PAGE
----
On the other hand, Presidents derive their just powers from the consent of the governed, usually through the election process. A successful election process depends on a population that is educated and that makes rational decisions rather than ones that are responding to emotion. Compare the American Revolution, which had (and limited voting to) an educated and prosperous population with the French Revolution, where education was restricted.

So, where are we now? How will history judge the times in which we live?

 

 

*“The time has come,” the Walrus said,
“To talk of many things:
Of shoes–and ships–and sealing-wax–
Of cabbages–and kings–
And why the sea is boiling hot–
And whether pigs have wings.”   –   Lewis Carroll

 

Vote, Dammit, Vote!

Every person who chooses to dedicate some portion–even a few years–of their life to serve in the United States military takes an oath. An oath was once was considered the most binding of promises, but is not taken very seriously, anymore. It’s kind of like adultery–no big deal.

The oath they take includes this phrase, “I will support and defend the Constitution of the United States against all enemies, foreign and domestic.”

Americans do not swear an oath to a person or an organization, they swear to uphold the very idea that has allowed this great American experiment to exist for 231 years. The Declaration of Independence declared our intent, but it was the Constitution that made us who we are. Why is this important? Why an oath?

Those who take the oath have sworn to defend the Constitution in its entirety–every single part. This includes freedom of speech and the press–not just for those with whom they agree, but especially for those whose views they not only disagree with, but may even absolutely abhor.

Military members know that “to protect and defend” may mean that they are called upon to give the “last full measure,” as Abraham Lincoln called it–giving one’s life, if necessary.

I’ve never seen anything that claims that this oath expires at the end of one’s enlistment, retirement from the military, etc. Therefore, my belief is that it does not expire; there is no “use by date.”

It’s interesting that the President’s oath is more casual, he or she says, “I do solemnly swear (or affirm) that I will faithfully execute the Office of President of the United States, and will to the best of my Ability, preserve, protect and defend the Constitution of the United States.”

For what it’s worth I respect those who put their money where their mouth is their life on the line for their beliefs.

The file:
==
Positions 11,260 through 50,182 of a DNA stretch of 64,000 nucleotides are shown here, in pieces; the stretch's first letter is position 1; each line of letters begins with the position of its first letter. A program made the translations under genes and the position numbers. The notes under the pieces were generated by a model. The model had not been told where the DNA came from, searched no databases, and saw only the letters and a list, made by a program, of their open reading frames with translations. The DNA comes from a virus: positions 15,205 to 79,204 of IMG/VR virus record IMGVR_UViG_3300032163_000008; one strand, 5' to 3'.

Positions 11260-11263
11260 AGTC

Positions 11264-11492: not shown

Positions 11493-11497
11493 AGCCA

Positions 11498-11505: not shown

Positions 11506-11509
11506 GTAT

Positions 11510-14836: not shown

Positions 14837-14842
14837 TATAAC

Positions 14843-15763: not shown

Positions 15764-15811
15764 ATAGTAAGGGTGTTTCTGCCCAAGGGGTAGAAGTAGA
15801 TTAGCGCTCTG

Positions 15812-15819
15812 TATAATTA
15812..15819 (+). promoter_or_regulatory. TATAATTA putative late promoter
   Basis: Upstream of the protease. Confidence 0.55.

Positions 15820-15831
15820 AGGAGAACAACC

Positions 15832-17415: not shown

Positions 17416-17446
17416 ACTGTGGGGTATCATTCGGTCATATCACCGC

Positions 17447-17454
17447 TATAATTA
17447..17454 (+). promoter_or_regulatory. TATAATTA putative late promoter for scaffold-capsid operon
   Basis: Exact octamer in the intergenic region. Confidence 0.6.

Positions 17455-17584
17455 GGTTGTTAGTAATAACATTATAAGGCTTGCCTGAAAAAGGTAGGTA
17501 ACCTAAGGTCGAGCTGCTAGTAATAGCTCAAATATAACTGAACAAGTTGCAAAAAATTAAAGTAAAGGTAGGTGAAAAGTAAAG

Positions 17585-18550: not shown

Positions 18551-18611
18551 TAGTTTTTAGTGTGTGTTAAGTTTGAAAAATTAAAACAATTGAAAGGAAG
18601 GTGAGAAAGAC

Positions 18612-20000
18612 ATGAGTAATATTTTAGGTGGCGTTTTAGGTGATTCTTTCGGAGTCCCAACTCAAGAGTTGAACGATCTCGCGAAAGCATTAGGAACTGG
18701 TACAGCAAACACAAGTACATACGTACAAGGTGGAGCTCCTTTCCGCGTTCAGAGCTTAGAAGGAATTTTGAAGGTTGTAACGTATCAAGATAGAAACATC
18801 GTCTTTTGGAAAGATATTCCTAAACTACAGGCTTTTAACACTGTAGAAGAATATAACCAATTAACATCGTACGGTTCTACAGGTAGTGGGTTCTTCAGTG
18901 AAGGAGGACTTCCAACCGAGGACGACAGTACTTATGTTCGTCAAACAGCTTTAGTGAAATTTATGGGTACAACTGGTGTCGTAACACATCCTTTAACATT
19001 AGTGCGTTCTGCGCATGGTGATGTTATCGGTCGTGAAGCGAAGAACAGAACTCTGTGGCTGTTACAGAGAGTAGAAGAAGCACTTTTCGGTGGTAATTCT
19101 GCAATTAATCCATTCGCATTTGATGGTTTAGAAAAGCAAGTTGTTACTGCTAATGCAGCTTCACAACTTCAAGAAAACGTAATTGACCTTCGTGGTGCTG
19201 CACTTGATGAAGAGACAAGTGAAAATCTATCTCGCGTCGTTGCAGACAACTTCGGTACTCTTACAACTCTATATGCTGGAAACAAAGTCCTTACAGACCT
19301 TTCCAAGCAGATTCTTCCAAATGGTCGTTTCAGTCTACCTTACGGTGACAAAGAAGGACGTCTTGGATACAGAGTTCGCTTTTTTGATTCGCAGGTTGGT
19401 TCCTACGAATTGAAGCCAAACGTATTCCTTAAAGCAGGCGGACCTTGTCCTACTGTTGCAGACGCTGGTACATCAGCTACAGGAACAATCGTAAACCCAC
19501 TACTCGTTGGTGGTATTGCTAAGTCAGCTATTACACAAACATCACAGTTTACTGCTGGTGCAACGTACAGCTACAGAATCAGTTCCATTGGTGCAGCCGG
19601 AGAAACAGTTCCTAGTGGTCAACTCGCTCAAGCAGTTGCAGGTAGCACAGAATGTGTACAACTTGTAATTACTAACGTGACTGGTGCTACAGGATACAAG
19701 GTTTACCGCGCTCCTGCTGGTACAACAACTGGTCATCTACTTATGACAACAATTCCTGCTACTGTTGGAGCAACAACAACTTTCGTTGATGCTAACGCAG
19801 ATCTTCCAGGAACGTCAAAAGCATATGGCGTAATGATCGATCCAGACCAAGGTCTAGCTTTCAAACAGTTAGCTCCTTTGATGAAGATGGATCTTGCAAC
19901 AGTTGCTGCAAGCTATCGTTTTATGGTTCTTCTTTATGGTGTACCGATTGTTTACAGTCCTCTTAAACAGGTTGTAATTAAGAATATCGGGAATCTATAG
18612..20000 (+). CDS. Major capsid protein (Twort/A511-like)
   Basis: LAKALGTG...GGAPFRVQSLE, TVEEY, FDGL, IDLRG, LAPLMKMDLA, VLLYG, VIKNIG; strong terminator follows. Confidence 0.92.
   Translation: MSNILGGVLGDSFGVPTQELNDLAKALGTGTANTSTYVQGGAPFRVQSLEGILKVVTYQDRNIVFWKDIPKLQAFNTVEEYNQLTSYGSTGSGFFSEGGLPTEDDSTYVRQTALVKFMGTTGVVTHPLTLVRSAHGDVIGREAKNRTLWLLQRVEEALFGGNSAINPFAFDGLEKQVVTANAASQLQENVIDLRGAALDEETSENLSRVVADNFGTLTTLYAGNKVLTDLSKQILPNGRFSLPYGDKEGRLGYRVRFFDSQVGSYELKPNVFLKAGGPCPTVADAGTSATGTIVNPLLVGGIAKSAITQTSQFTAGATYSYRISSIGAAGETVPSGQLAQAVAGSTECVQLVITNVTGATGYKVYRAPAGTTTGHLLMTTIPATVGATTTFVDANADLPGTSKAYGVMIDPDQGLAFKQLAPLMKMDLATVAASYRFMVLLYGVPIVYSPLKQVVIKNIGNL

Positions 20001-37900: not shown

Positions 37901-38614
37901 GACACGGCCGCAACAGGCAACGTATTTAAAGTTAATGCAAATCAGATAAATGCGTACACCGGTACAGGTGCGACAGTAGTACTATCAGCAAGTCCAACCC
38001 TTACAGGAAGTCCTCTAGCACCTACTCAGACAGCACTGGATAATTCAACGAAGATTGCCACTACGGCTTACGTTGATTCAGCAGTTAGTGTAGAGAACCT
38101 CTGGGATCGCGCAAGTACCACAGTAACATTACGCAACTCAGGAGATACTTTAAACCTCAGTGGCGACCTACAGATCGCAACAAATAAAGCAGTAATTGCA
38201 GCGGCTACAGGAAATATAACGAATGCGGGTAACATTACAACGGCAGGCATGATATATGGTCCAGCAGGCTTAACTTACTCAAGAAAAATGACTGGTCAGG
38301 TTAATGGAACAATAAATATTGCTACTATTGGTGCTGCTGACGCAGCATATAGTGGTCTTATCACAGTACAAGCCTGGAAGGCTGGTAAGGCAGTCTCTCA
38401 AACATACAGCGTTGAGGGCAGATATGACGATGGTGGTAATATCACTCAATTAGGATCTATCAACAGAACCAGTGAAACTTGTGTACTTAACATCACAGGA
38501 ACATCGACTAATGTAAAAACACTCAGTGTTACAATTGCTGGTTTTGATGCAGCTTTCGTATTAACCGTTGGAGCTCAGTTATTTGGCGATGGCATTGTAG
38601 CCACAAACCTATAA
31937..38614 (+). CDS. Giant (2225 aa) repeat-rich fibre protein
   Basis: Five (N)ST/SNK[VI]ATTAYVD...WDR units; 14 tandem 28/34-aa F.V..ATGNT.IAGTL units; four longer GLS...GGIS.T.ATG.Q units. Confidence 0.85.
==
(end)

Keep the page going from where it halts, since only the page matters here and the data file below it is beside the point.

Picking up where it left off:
Hail, Caesar!

They come, they wreak havoc, they die.

Caesar, the Tsar, the Kaiser–all variations on the same title. Each intending to assume total power and control over a major portion of the world. Unfortunately, we have learned little, so we face the same thing over and over. We do not learn from history, so we are doomed to repeat it. The titles may change, but little else.

One might have thought that modern humans would have learned after dealing with Hitler, Stalin, and Hirohito all at once. Alas, one generation may, indeed, learn. It may even attempt, and occasionally succeed, in teaching the next generation. To expect anything beyond that is folly.

Today, we again are faced with another slate of those who would be Caesar. Vladimir Putin is has unified his power in Russia and already “annexed” parts of Georgia and Ukraine. Xi Jinping has consolidated his power in China and is extending his reach throughout Asia, Africa, and even South America. Kim Jong Un has his little corner of the world, but would gladly, if given the chance, expand his territory.

And, as you know, there are others.

When leaders demand or expect loyalty to themselves, rather than to a higher cause, expect trouble. Unfortunately, the road is dependent on obtaining that which gets the individual into power, not that which is best for the common good.

The good news is that since the twentieth century, most empires arise and disappear within a relatively short time. The bad news is that during that time, great damage and havoc occur, harming millions, and taking many generations to correct.

 

Truth

In the movie, Indiana Jones and the Lost Ark, Harrison Ford–as Indiana Jones–tells his class that archaeology is the search for fact. He recommends the philosophy class for those who are seeking truth.

John Adams said, “Facts are stubborn things; and whatever may be our wishes, our inclinations, or the dictates of our passion, they cannot alter the state of facts and evidence.” Truth, like beauty, is subject to interpretation; facts are not.

For example, when it comes to religious beliefs, people rely on faith to find their truth. Their god or gods cannot be proven, yet many view their beliefs as the one true religion. This is no criticism of truth or faith–after all, it would be a fairly pathetic god who could be factually proven to exist or not exist. A leap of faith, which is probably unique to human beings (at least on this planet), is often appropriate and, indeed, justified. My God expects me to walk by faith, not by light.